Hello all! I'm a day late, but I'm excited to participate in the Online Marketing Symposium hosted by Arlee Bird, Yolanda Renee, Jeremy Hawkins, and Alex J. Cavanaugh. It's such a great idea. I look forward to reading the posts.
“On event day you tell us about a marketing idea that you've used and what worked or didn't work. Your post could describe a campaign that succeeded in a big or small way or one that failed drastically. Tell us about a business campaign, an organizational event, a fundraiser – anything where a bit of promotion was necessary!”
I'm an author, so my marketing attempts have been related to selling books. I've tried a variety of things, and although in aggregate, my attempts at marketing have probably increased sales, on the whole, I've felt like I've been putting in a lot of work for limited reward. So, I'm still looking for good ideas and am not flush with them myself.
As for traditional marketing, as in paid ads, I have bought ads through Facebook, Goodreads, and Google. None of them seemed to have a dramatic result, but I am happy with Facebook ads and will continue to use them. They're cheap, and it's an easy way to get more people to see your posts.
However, if you want lots of likes, my best bet has been joining large group giveaways where authors pool money to giveaway a Kindle or the like, and then use a Rafflecopter form where entrants like your page to get entries. I've gotten hundreds of likes that way. Laura Howard's recent giveaway was one of the most successful.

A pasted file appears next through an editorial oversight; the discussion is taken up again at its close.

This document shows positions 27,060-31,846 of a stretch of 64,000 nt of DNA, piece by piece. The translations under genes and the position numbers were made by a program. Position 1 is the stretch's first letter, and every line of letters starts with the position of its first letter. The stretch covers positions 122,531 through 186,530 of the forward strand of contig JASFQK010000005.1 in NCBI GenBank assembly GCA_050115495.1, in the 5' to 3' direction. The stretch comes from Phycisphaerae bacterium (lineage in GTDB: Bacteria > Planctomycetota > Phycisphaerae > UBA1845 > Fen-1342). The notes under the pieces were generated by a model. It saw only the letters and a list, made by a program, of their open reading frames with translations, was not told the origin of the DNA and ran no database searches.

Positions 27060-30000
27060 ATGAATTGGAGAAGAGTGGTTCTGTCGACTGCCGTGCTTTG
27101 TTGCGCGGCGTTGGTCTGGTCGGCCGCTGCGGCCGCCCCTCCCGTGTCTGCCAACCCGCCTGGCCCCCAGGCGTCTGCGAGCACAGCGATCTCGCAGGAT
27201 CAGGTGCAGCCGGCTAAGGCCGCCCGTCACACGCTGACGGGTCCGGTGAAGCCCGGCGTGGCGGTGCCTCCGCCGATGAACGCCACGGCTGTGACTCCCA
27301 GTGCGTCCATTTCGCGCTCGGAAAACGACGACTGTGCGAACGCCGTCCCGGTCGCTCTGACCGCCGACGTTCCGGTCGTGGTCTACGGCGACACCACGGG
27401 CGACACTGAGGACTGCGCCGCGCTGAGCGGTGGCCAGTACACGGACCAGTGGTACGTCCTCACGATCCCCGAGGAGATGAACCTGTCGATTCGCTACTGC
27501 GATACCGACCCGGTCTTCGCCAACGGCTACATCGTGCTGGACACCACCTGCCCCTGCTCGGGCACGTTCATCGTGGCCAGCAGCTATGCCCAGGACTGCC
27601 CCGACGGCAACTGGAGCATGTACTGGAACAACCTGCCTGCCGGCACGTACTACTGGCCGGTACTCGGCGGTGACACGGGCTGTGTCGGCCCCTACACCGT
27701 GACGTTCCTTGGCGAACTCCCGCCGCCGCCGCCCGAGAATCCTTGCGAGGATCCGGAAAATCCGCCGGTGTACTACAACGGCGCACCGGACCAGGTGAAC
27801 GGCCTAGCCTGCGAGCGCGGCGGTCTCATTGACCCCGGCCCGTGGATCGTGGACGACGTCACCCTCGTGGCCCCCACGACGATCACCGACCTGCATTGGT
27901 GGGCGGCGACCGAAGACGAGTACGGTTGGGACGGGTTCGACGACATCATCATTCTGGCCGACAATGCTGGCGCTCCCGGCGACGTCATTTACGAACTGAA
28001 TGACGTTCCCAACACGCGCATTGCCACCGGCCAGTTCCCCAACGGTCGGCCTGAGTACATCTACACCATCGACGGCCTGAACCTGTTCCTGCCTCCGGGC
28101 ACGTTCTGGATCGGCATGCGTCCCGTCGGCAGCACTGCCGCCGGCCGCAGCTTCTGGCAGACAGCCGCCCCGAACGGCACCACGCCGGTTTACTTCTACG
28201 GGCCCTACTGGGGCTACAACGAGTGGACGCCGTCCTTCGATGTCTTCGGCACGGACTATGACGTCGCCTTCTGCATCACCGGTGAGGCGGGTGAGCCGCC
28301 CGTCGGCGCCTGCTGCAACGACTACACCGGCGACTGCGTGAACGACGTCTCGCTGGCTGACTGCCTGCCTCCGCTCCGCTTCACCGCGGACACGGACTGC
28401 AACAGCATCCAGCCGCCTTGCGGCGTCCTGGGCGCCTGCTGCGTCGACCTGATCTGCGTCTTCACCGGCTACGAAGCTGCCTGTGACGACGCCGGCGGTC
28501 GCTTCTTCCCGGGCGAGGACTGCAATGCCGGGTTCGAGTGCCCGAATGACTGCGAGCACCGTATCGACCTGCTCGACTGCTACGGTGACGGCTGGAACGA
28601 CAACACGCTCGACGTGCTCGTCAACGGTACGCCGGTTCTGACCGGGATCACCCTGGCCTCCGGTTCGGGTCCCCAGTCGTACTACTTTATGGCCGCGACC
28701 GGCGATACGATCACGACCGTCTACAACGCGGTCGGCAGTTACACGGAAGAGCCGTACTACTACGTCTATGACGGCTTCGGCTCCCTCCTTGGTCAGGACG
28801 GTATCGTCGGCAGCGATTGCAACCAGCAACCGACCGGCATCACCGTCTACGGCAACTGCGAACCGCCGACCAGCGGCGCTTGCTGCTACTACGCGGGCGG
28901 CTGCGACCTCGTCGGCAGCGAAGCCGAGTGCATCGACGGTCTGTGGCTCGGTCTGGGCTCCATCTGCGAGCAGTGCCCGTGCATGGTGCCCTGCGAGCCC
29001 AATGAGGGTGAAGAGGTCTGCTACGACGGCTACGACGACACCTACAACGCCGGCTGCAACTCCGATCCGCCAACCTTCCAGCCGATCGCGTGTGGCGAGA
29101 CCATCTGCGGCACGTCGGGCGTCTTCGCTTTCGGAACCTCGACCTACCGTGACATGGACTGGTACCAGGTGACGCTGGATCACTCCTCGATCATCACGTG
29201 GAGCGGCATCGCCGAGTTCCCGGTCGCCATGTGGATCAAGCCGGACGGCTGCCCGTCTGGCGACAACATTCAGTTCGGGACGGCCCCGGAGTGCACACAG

I think that marketing is often about doing a lot of little things that add up in the end, but if I had to choose ONE thing that worked well, the choice is easy.
The most effective sales tool I've found was attending the 2013 YAB Fest, a local author festival. This was awesome for the following reasons:
1) Sales. That's the whole point of marketing right? And, this worked. The festival bought several boxes of my paperbacks to sell at the festival and at their bookstore. I actually made some $$.
2) Connections with authors. I got to sit on a panel with some amazing authors, and met even more in the private author room. I ate lunch across from David Levithan, and sat next to Ernest Cline on the panel! And, although meeting famous people is cool, it's even better that I met other authors more like me--local authors that I became friends with like Krissi Dallas, Rachel Harris, Cory Putnam Oakes, P.J. Hoover, and Mari Mancusi.
3) Connections with readers. It was so wonderful meeting local readers. I gathered a few new fans that I know will probably keep buying and reading my books, and that's obviously awesome. I have an awesome online network, but it has it's limits. I got to tap into a totally new group of potential readers, and was able to give my book to some new reviewers.
4) Connection with a book store. Because of the YAB fest, I made friends with Danny and Julie Woodfill of The Book Spot. They are likely to buy my future books and have shown interest in hosting a signing for me.
5) Free cupcakes. Okay, I'm joking on this one. But, the free cupcakes in the author room of the festival were really awesome. Thank you Cupprimo!
So, how did I manage to get such an incredible opportunity? I asked! I found the local festival online, and sent the organizers an e-mail, which I set up somewhat like a query letter. And, they said yes! So, it never hurts to ask.